Samuel Alito’s Antiabortion Inspiration: A 17th-Century Jurist Who Supported Marital Rape and Had Women Executed



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By now, you’ve likely heard the news that the Supreme Court is poised to overturn the national right to an abortion, an expected but nevertheless jolting, devastating blow to reproductive rights. We know The Handmaid’s Tale is about to go from scripted narrative to retroactive documentary thanks to the leak of a draft majority opinion in Dobbs v. Jackson Women’s Health Organization, in which arch conservative justice Samuel Alito writes, in a hateful 98-page screed, that “Roe [v. Wade] was egregiously wrong from the start” and that it “is time to heed the Constitution and return the issue of abortion to the people’s elected representatives.” Which Alito obviously knows would lead to abortion care being severely restricted or fully outlawed in roughly half of the country and make it not only a felony to perform an abortion in some states, but a felony to obtain one.

As Slate’s Mark Joseph Stern notes, the draft—which could change before a the final ruling, as could the various justices’ votes—doesn’t just lay out the case for why Roe should be overturned, it goes full scorched earth. Alito, Stern writes, “does not seek out any middle path. He disparages Roe and its successors as dishonest, illegitimate, and destructive to the court, the country, and the Constitution. He quotes a wide range of anti-abortion activists, scholars, and judges who view abortion as immoral and barbaric; there’s even a footnote that approvingly cites Justice Clarence Thomas’s debunked theory that abortion is a tool of eugenics against Black Americans.” The opinion is an appalling, heinous attack on people who have relied on Roe for nearly half a century, and the most sickening part is that the conservative justice clearly doesn’t give a shit that obliterating the landmark ruling will ruin countless lives. In fact, one might argue, that’s all part of the plan. And if you needed further proof that Alito is pure evil and wants to take the U.S. back to a time when women’s bodies were property for men to control, know that one of the people he cited in his opinion was an English jurist who defended marital rape and had women executed for “witchcraft.”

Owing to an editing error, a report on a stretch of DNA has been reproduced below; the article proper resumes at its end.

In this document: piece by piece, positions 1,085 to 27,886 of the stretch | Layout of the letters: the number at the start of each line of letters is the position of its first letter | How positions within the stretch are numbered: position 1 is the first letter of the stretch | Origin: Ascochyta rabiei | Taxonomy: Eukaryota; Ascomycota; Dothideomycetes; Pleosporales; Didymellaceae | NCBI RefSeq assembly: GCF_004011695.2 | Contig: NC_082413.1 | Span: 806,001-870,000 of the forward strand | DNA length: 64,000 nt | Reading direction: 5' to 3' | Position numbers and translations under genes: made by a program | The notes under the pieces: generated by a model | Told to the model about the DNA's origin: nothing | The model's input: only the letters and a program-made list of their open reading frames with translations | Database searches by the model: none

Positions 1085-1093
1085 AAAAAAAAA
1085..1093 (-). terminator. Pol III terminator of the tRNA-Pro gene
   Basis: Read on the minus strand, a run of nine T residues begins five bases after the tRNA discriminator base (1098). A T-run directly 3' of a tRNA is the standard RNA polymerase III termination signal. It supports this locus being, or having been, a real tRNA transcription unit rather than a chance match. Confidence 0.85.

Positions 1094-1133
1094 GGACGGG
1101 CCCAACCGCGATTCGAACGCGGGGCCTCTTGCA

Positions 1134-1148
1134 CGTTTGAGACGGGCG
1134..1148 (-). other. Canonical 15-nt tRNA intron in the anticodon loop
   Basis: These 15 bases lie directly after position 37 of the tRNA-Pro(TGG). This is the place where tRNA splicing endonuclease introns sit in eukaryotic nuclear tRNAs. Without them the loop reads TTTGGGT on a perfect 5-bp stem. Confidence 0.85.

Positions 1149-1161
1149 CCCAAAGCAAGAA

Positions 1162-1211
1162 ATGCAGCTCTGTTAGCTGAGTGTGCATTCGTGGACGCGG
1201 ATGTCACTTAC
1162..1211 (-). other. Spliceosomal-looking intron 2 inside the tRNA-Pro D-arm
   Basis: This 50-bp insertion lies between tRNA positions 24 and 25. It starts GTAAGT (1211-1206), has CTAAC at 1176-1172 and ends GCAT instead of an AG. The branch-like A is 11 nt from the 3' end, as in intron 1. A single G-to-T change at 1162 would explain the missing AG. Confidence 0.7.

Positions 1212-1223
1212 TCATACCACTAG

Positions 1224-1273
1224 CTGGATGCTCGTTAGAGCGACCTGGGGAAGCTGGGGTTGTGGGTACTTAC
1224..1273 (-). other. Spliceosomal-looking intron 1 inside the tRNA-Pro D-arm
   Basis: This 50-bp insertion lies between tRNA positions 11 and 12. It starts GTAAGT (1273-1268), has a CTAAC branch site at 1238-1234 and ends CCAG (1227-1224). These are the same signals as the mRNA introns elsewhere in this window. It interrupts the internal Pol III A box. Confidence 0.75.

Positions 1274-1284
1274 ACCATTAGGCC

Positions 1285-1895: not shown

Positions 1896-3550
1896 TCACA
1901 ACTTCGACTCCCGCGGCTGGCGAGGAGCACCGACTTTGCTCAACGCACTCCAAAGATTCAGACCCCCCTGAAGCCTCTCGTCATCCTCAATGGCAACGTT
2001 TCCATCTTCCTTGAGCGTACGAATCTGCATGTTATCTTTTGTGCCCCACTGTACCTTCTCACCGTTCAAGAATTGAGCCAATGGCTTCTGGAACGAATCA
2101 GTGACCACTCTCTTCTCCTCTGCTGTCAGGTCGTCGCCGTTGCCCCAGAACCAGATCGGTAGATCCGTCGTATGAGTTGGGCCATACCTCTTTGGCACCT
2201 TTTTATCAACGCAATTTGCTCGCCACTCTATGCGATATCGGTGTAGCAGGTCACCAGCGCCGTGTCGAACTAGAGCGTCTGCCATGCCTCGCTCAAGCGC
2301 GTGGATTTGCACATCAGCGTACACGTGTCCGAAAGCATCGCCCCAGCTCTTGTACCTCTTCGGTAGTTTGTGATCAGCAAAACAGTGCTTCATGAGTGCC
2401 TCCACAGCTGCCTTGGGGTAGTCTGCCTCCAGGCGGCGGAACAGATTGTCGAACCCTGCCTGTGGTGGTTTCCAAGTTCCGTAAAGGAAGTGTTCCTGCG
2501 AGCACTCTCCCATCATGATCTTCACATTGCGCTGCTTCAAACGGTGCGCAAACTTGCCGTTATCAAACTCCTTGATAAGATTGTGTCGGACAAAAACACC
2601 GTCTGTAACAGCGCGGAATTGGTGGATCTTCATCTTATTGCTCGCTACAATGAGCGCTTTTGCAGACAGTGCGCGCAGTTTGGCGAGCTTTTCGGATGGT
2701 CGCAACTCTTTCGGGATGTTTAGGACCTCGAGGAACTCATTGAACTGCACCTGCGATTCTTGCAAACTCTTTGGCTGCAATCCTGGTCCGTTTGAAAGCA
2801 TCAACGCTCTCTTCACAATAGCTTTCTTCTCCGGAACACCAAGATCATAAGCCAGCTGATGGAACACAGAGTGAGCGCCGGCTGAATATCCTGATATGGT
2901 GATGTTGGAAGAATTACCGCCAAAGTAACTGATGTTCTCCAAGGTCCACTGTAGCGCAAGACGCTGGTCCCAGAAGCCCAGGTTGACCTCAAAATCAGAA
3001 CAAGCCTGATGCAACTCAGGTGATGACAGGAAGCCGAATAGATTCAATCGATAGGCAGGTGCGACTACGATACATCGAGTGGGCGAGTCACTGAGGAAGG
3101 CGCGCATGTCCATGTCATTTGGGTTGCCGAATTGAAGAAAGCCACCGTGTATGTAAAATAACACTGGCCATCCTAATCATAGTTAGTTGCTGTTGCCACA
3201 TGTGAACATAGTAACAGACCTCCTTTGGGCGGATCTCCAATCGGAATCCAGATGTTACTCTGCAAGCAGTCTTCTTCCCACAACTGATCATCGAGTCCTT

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Yes, Alito literally quoted this guy, who was born in 1609, as a defense for ending Roe v. Wade in 2022. “Two treatises by Sir Matthew Hale,” Alito enthusiastically writes, “described abortion of a quick child who died in the womb as a ‘great crime’ and a ‘great misprision.’ See M. Hale, Pleas of the Crown.” As Jezebel notes, The History of the Pleas of the Crown “is a text that defended and laid the foundation for the marital rape exemption across the world” and reads: “For the husband cannot be guilty of a rape committed by himself upon his lawful wife for by their mutual matrimonial consent and contract the wife hath given up herself in this kind unto her husband which she cannot retract.” Again, Alito used the arguments of this man to bolster his case.

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Taking away the rights of pregnant people is quite clearly just the first step for Alito, though. Per Stern:

[Alito] disavows the entire line of jurisprudence upon which Roe rests: the existence of “unenumerated rights” that safeguard individual autonomy from state invasion. Alito asserts that any such right must be “deeply rooted” in the nation’s history and tradition, and access to abortion has no such roots.

The obvious problem with this analysis is that the Supreme Court has identified plenty of “unenumerated rights” that lack deep roots in American history. Most recently, the court [recognized] the right of same-sex couples to be intimate (2003’s Lawrence v. Texas) and get married (2015’s Obergefell v. Hodges). Alito dismissed both decisions in harsh terms, mocking their “appeals to a broader right to autonomy” as a slippery slope. The “high level of generality” in their reasoning, he wrote, could “license fundamental rights to illicit drug use, prostitution, and the like.”

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